“We’re still in the adolescent stages in the UK,” he says. “That’s one of out unique selling points, that we’re a global firm which still has that entrepreneurial mentality. In the UK we don’t have any limitations—the only limits are the constraints we set ourselves.”

As a result, Costello says, the UK firm is “attracting folks who’ve had it with that heavy infrastructure and politics.”

“At the same time they don’t have to build everything themselves,” he says. “There’s training, there’s global branding, but they also feel they’re part of something that’s building from the ground up. We have some exceptional people, but our strength is also out constraint—we rely on these very scarce resources.”

BearingPoint in the UK has now grown to just under 300 consultants, and will probably add around 60-70 more this year, probably at junior level.

“We believe we have more or less our team in place,” says Costello, “Our strategy has been to go out and get the top level resources, and then to keep the pipe flowing build up our junior consultancy base and build them in our consultancy model. There’s a lot of high-end MBA talent out there with one or two years’ experience looking for a change.”

BearingPoint is on a roll at the moment—Costello says that the UK firm has smashed its first quarter sales targets to the extent that it has already achieved 60% of its goal for the year. But building up the firm as a UK brand is still an ongoing project.

“Brand building is something we work on everyday,” he says. “It can be frustrating, coming from these 100 year old firms like KPMG and Andersen and having to walk in and say this is BearingPoint and this is where we come from. But I think the brand perception is one of intrigue—as the firm has emerged there’s been a strong mixing of the Andersen and KPMG people and the UK is more of a melting pot, with folks from all backgrounds.”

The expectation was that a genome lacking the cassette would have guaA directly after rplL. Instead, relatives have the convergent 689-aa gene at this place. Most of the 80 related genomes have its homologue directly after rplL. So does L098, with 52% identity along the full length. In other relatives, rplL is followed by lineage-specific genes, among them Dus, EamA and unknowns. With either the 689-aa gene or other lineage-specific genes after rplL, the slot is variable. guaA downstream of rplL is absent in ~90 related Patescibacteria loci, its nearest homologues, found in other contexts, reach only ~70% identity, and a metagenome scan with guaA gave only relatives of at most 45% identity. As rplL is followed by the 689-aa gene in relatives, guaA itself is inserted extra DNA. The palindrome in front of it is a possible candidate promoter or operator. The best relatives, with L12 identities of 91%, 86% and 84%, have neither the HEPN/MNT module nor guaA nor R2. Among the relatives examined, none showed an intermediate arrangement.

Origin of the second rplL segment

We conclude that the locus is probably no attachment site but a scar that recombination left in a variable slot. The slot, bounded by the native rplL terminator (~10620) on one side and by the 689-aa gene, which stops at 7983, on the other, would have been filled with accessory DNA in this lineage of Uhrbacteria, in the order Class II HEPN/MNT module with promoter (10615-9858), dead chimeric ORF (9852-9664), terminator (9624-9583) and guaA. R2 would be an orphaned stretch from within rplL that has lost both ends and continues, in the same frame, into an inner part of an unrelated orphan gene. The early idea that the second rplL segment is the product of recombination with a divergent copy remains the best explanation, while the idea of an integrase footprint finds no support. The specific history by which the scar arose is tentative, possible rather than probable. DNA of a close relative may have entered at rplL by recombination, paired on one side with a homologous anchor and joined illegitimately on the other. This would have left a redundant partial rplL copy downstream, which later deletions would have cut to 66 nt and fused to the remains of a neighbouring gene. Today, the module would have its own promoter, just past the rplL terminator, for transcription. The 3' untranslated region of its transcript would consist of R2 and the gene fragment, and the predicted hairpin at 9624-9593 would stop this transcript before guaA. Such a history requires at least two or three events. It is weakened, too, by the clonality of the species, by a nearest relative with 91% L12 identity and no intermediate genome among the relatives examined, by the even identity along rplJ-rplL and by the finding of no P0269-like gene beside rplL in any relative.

BearingPoint’s strong background in areas like oil and gas, life sciences and supply chain has enabled it to build a strong presence in commercial services in the UK, with financial services as its second biggest market. It has also made a strong start in the public sector, an area where it has a massive presence in the States, and teams are already working on developing solutions for the UK based on this portfolio.

“Where we don’t have scale and leverage we will partner with other firms to do that,” says Costello. For example, the firm works with Honeywell on operational transformation at the production and engineering level, and on the technology front has an exclusive partnership with search engine leaders Google.

While BearingPoint may not be alone in the areas it consults in, Costello believes its positioning makes it unique.

“We can honestly say this space is our space, it’s out core business,” he says. “Our challenge compared to the outsourcing firms is we don’t have that annuity revenue—so we have to think a little bit harder, work a little harder and be a bit bolder. That attracts a certain type of person.”

Related Link
See the latest consulting opportunities at BearingPoint.

All views expressed in this article are those of Mick James and do not necessarily reflect the views of and

Contact Mick with your views or suggestions at: [email protected]